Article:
Monday, January 31, 2011

Tutorial: Building a Twitter client with Appcelerator Titanium & jsOAuth - Part 1

This tutorial is intended to explain how to use Appcelerator Titanium with a javascript OAuth library, called jsOAuth, along with basic use of the Twitter API

Getting Started

You’ll need to download and install the Titanium Developer tool. There’s a great tutorial “Getting Started” on the Appcelerator Developer site. Feel free to skip this step if you already have the Developer tool installed and understand how it works.

Once you’ve followed that tutorial, set up a new project called “Growl Tweet Notifier” and continue this tutorial

jsOAuth and the Twitter API

jsOAuth was designed to be easy to learn and easy to use, as a result most of the heavy work is done for you. Hopefully you’ll agree how easy it is to use.

Download the latest version¹ of jsOAuth and put it into the Resources/ directory of your project.

downloading from github

You’ll need to reference the library in your project, so go ahead and place the following in your , and update the file reference as appropriate.

<script src="jsOAuth-0.7.5.1.min.js" type="text/javascript"></script>

In order to work with the Twitter API you’ll need to set up an app in the Twitter developer centre. Head on over to dev.twitter.com to register a new app. The form is fairly simple, but the crucial field is “Application Type” which need to be set to client. For the type of client we’re writing a “Default Access type” of Read-only will suffice.

Registering a new Twitter app

You’ll need to collect the consumer key and secret from the settings page presented after registration of your new app. They are under a heading called “OAuth 1.0a Settings”.

Twitter consumer key and secret

You’ll also need your personal access token. On the right of the settings page is a menu, you’ll need the “My Access Token” one. On that page, copy the key and the secret and you’re ready for some coding.

My Access Token Twitter access token key and secret

As a side note, you should keep all tokens private, no one else should have access to them.

With all the keys and secrets to hand, you can instantiate an OAuth object.

var oauth = OAuth({
    consumerKey: "[YOUR-CONSUMER-KEY]",
    consumerSecret: "[YOUR-CONSUMER-SECRET]",
    accessTokenKey: "[YOUR-PERSONAL-TWITTER-ACCESS-TOKEN-KEY]",
    accessTokenSecret:"[YOUR-PERSONAL-TWITTER-ACCESS-TOKEN-SECRET]"
});

We’ll start with a basic call to the Twitter API, with a simple alert. Define a success function and a failure function to handle the responses from the API as follows:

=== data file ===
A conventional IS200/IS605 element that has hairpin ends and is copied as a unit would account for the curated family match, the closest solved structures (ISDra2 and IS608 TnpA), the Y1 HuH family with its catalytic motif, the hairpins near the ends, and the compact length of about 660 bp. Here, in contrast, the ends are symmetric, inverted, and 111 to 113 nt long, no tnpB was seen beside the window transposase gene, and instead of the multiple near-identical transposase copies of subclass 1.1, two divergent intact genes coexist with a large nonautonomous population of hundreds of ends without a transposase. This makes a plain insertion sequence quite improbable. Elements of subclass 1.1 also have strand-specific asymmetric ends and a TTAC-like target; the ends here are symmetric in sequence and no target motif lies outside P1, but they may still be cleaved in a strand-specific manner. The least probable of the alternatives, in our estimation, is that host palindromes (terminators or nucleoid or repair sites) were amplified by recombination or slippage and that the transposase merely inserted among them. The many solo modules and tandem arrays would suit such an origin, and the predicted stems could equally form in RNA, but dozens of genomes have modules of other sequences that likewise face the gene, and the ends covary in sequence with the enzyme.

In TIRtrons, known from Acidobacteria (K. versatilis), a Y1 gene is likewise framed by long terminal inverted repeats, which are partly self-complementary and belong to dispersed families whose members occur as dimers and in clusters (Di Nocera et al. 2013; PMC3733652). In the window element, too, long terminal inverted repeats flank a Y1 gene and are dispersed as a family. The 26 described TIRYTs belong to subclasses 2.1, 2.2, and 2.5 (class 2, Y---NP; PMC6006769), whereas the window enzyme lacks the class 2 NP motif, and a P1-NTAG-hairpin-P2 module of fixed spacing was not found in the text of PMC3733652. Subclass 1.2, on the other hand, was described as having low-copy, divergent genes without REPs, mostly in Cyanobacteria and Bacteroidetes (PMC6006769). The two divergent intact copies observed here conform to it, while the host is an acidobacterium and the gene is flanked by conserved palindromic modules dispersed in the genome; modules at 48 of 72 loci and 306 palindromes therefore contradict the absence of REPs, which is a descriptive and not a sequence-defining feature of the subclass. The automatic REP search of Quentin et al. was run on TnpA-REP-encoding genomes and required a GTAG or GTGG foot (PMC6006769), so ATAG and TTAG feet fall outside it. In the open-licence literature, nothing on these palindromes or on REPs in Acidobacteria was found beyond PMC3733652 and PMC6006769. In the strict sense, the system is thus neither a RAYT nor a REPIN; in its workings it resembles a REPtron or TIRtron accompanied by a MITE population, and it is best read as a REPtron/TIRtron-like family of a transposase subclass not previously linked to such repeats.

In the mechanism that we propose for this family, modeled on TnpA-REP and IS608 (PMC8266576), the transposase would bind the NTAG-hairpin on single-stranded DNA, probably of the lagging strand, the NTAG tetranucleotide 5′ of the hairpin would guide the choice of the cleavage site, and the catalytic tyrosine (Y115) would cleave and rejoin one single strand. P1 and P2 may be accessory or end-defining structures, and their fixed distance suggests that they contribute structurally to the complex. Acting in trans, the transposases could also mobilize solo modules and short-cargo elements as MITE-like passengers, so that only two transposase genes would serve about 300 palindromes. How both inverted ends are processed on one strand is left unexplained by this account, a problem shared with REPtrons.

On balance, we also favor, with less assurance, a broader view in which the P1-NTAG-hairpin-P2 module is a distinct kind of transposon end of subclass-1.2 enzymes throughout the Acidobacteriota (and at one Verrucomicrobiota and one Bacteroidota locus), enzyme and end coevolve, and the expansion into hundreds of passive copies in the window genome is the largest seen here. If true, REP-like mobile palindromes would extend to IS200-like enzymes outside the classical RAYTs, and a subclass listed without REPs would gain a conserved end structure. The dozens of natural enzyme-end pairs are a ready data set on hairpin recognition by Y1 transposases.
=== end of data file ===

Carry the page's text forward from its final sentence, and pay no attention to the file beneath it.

function success(data){
    var timeline = JSON.parse(data.text);
    timeline.forEach(function (element){
        alert(element.text);
    });
}

function failure(data) {
    alert("Throw rotten fruit, something failed");
}

As you can see, both functions have a single argument data, to which jsOAuth will pass an object containing the response text, response headers and request headers.

Reading the Twitter API documentation, we know that a url with the extension .json will return a JSON response, so we JSON.parse() the response text held in data.text. The result is an array of tweet objects we can forEach over and alert out the status for.

Titanium has a build in JSON library, so the JSON helper is always available to us when we need to parse() or stringify() JSON data.

Finally we need to call the Twitter API end point, and pass the data to our callback functions. With jsOAuth a simple get request is as easy as:

oauth.get(URL, successCallback, failureCallback);

So plugging in our callbacks and home timeline URL we get:

oauth.get("http://api.twitter.com/1/statuses/home_timeline.json", success, failure);
Complete code preview

Now, we need to run the code using the Titanum developer tool. Load the tool, click your project and then click the “Test & Package” tab. Here you find a button to launch and kill your app.

Go ahead click launch and your app will run, query the Twitter home timeline API finally alerting each tweet.

Titanium developer launch

You’ll probably agree, that alerting out the last 20 tweets each time the application runs isn’t exactly useful. We could use a timer to call the API every few minutes. We could possibly use the since_id parameter to only get new tweets. We could also use Titanium’s notification module to get pretty notifications.

That’s all for this part of the tutorial. Next time, we’ll replace the alert with notifications, and set up a timer to collect only the latest tweets every minute.

Building a Twitter client with Appcelerator Titanium & jsOAuth - Part 2

¹ At the time of writing the current version was 0.7.5.2

Notes

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